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ICYMI: Into the next world

We’re re-sharing this story about Denyse Thomasos’s working process ahead of the January 21 discussion at the AGO with Gaëtane Verna, Executive Director of the Wexner Centre for the Arts.

Denyse Thomasos. Untitled (Kingdom Come)

Denyse Thomasos. Untitled (Kingdom Come), 2011. Acrylic on paper, preparatory drawing for Kingdom Come, a site-specific installation at Oakville Galleries, 77.5 × 111.8 cm. Collection of Oakville Galleries, purchased with the support of the Elizabeth L. Gordon Art Program of the Gordon Foundation, administered by the Ontario Arts Foundation, and the Corporation of the Town of Oakville, 2022. © The Estate of Denyse Thomasos and Olga Korper Gallery, Photo: Craig Boyko.

On Saturday, January 21, Gaëtane Verna, Executive Director of the Wexner Centre for the Arts in Columbus, Ohio, will join Michelle Jacques, Head of Exhibitions and Collections/Chief Curator at Remai Modern and just beyond co-curator, for a discussion in the AGO’s Jackman Hall. Verna and Jacques will share their experiences working with Thomasos, providing unique insights into the artist’s practice. Their conversation will be moderated by Sally Frater, just beyond co-curator and Curator of Contemporary Art at the Art Gallery of Guelph. Click here to purchase your tickets. 

Below, read more about Thomasos’s preparatory paintings on paper and her onsite working process.

‘Thy kingdom come’—a phrase with Biblical connotations, referring to heaven, the next world, a promised land, the end of time, a future period of happiness. Denyse Thomasos, in perhaps a more cryptic usage of the phrase, used it to title her 2011 site-specific installation at Oakville Galleries. In Kingdom Come, she created a futuristic urbanscape where all is not well, a vision of a “green utopia gone awry”. Kingdom Come was one of the last installations Thomasos made before her untimely passing in 2012. This work signalled a shift in her thematic focus beyond the dismantling of slavery, confinement and imprisonment and toward so-called green architecture and its cultural impact. It was the beginning of a new chapter Thomasos was looking forward to and she said as much in a 2011 conversation with Marnie Fleming, curator of the installation.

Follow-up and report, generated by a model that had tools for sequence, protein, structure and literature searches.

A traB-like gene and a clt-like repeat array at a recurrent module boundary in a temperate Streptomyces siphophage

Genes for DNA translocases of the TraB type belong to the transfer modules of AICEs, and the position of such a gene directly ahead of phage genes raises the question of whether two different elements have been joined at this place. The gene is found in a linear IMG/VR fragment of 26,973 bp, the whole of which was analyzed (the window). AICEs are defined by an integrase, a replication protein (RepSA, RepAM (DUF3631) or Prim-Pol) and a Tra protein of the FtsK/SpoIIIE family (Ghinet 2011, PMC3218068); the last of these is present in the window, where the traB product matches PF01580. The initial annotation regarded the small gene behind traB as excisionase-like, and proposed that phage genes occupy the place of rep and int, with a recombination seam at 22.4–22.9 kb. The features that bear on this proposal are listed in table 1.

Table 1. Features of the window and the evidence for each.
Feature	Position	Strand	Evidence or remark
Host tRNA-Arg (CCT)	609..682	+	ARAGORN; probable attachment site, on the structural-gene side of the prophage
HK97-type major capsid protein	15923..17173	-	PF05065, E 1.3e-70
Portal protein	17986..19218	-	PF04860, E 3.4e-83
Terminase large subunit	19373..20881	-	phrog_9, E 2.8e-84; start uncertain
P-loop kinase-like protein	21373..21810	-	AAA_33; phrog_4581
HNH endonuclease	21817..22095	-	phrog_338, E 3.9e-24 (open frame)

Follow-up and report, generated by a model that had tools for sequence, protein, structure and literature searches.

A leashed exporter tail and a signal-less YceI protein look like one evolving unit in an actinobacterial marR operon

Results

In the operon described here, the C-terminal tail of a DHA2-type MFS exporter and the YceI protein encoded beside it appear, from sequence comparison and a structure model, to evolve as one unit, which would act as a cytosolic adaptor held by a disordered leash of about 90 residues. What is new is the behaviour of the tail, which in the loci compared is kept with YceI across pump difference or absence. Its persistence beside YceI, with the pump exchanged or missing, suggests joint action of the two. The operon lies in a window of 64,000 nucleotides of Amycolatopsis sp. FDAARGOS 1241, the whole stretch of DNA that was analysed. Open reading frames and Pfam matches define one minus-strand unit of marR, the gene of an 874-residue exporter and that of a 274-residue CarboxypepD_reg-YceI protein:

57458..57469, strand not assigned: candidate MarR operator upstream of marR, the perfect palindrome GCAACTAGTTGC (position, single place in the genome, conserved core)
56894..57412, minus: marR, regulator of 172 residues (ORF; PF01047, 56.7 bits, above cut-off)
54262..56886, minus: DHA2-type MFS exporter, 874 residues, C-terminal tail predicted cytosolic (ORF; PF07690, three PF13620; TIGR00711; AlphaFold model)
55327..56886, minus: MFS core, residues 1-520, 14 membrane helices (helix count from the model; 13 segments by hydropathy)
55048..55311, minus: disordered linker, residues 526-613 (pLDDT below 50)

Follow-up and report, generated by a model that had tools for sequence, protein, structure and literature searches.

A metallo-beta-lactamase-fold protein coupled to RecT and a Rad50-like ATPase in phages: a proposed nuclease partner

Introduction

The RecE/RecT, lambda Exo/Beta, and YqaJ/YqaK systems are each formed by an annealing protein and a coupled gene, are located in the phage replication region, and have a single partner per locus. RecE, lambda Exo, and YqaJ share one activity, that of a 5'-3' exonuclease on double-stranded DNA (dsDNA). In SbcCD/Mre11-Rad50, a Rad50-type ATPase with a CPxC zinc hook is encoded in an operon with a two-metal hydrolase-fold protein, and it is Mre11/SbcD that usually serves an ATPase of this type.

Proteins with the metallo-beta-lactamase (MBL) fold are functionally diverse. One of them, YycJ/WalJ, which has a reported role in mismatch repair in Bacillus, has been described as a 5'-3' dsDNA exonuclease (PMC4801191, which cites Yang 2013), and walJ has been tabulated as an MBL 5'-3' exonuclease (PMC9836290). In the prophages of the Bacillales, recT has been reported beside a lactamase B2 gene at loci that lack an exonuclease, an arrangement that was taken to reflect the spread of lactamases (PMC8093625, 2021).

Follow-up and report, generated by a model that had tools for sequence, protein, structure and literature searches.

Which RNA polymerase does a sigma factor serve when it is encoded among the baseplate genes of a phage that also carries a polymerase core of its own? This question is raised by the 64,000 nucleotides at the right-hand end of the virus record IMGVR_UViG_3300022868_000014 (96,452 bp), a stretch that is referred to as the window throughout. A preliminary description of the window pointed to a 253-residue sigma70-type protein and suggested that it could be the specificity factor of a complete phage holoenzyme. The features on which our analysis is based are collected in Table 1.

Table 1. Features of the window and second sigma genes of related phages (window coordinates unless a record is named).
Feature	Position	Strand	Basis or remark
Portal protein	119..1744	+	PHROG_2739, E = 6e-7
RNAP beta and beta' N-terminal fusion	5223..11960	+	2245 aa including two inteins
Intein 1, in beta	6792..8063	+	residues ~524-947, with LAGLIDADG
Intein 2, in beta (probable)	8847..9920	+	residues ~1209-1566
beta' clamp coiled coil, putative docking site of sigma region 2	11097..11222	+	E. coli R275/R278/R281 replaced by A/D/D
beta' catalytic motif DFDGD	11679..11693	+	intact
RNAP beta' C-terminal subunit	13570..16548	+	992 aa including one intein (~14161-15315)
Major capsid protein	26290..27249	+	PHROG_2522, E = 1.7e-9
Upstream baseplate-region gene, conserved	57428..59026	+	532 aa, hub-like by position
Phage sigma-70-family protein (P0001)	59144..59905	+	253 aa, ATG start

Over a decade later, the new AGO exhibition Denyse Thomasos: just beyond charts the breadth of Thomasos’s artistic output and stylistic developments throughout her career, from her early figurative works to her massive abstract paintings. While the monumental work she is most acclaimed for forms the majority of the exhibition, we’re taking a closer look at a selection of rarely seen paintings on paper she made in preparation for Kingdom Come, also on view. 

Oakville Galleries invited Thomasos to create an in-situ wall painting in celebration of the fortieth anniversary of Sheridan College’s Art and Art History program – of which she was a graduate. She worked in collaboration with college students and recent graduates to create, as just beyond co-curator Sally Frater describes, an “installation within an installation”. The outer gallery featured a mural painted directly on the walls, and the inner gallery functioned as a studio/workshop space. The presentation of these preparatory works at the AGO replicates the arrangement of this studio/workshop space: untitled paintings on paper on the walls and paint containers mixed by Thomasos's former studio assistant Linda Martinello on a table at the centre of the room. Also on display are photographs of the finished installation and a pair of paint-splattered clogs the artist wore. Thomasos, it seemed, was not only heavily invested in the final installation of her art, but the labour and conceptualization it took to complete it.